The headline of India's Mail Today newspaper read Thursday: "It's a Rubbery Problem."
Condoms have been supplied to athletes for free, as part of a program to promote safe sex that first began at the 1992 Barcelona Olympics. A vending machine stocked with 4,000 packs of condoms, with two prophylactics in each pack, is installed at the athletes' village, which houses more than 7,000 athletes and officials from around the world. Half of the condoms have already been taken, the Mail Today reported.
Asked about the sewer blockages and their alleged source, Mike Fennell, president of the Commonwealth Games Federation, told a news conference Thursday that plumbers are working on the problem, but that he thinks it's good if athletes are practicing safe sex.
"It shows there is some use of condoms and that is a very positive story that the athletes are being responsible," Fennell said to a room of snickering reporters, according to New Zealand television. "I hope that satisfies your question."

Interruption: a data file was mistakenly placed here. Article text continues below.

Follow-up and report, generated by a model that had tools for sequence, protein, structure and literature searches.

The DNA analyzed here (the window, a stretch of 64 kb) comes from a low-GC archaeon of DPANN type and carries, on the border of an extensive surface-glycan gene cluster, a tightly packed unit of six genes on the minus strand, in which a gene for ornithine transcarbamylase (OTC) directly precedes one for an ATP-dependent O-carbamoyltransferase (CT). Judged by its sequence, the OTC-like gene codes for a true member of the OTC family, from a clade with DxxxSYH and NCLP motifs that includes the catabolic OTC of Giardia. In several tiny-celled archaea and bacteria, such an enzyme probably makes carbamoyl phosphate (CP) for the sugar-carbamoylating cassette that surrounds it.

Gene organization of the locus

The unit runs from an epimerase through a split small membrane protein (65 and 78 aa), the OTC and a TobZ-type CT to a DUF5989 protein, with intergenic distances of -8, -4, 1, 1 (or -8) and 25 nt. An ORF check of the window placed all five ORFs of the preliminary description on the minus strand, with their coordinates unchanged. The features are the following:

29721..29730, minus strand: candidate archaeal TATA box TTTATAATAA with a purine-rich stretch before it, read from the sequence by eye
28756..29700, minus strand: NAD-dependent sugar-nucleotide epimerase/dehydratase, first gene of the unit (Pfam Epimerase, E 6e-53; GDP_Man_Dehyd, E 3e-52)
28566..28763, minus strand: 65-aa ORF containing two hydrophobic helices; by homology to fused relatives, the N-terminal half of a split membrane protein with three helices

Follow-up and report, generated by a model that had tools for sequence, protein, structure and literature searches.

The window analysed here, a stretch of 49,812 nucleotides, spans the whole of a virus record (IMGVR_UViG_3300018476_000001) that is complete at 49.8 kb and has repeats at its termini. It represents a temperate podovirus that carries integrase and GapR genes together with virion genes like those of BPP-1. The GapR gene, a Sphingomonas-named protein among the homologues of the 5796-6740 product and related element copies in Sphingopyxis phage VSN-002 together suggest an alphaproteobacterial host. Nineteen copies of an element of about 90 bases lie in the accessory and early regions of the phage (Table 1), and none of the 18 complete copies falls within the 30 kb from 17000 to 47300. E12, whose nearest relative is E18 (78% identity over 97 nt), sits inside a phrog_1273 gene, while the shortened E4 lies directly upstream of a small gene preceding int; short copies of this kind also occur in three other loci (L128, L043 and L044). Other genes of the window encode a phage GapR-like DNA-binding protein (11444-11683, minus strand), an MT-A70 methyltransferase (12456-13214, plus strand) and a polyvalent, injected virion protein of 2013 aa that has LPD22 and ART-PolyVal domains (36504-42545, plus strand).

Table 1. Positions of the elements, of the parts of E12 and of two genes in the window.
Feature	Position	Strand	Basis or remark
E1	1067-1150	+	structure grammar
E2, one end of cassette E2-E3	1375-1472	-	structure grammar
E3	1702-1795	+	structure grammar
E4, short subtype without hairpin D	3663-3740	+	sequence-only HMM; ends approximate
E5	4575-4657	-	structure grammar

A spokesperson for the Games' organizers also told The Guardian: "If they are so active then that's very good. ... We are promoting safe sex."
But another unnamed Commonwealth Games official told The Independent that "there was no clogging in the drains at the village and no plumber was called in. This is mere sensationalization by media."
Whatever is clogging drains in the athletes' village, it's the latest fiasco to embarrass the Games' Indian organizers, already reeling from controversies over dirty swimming pools that may have sickened competitors, poor construction of sports venues, the collapse of a pedestrian bridge, and athletes quarters deemed "uninhabitable" by foreigners.
At the opening ceremony last weekend, spectators booed the head of India's organizing committee, and Australian officials complained that their athletes had been "treated like cattle" and forced to endure an hourlong wait in a stiflingly hot tunnel. Workers are scrambling to mend cracks discovered in the Games' running tracks.
Asked about whether the Games' atmosphere, despite some problems, has been amorous -- leading to the condom backup -- Matthew Syed, a former British table tennis player who competed in the Beijing Olympics, told The Independent: definitely.
"I am often asked if the Olympic village is the sex-fest it is cracked up to be. My answer is: Too right it is," he said. Syed said he had sex twice in the 2 1/2 weeks he was there, "which may not sound a lot, but for a 21-year-old undergraduate with crooked teeth, it was a minor miracle."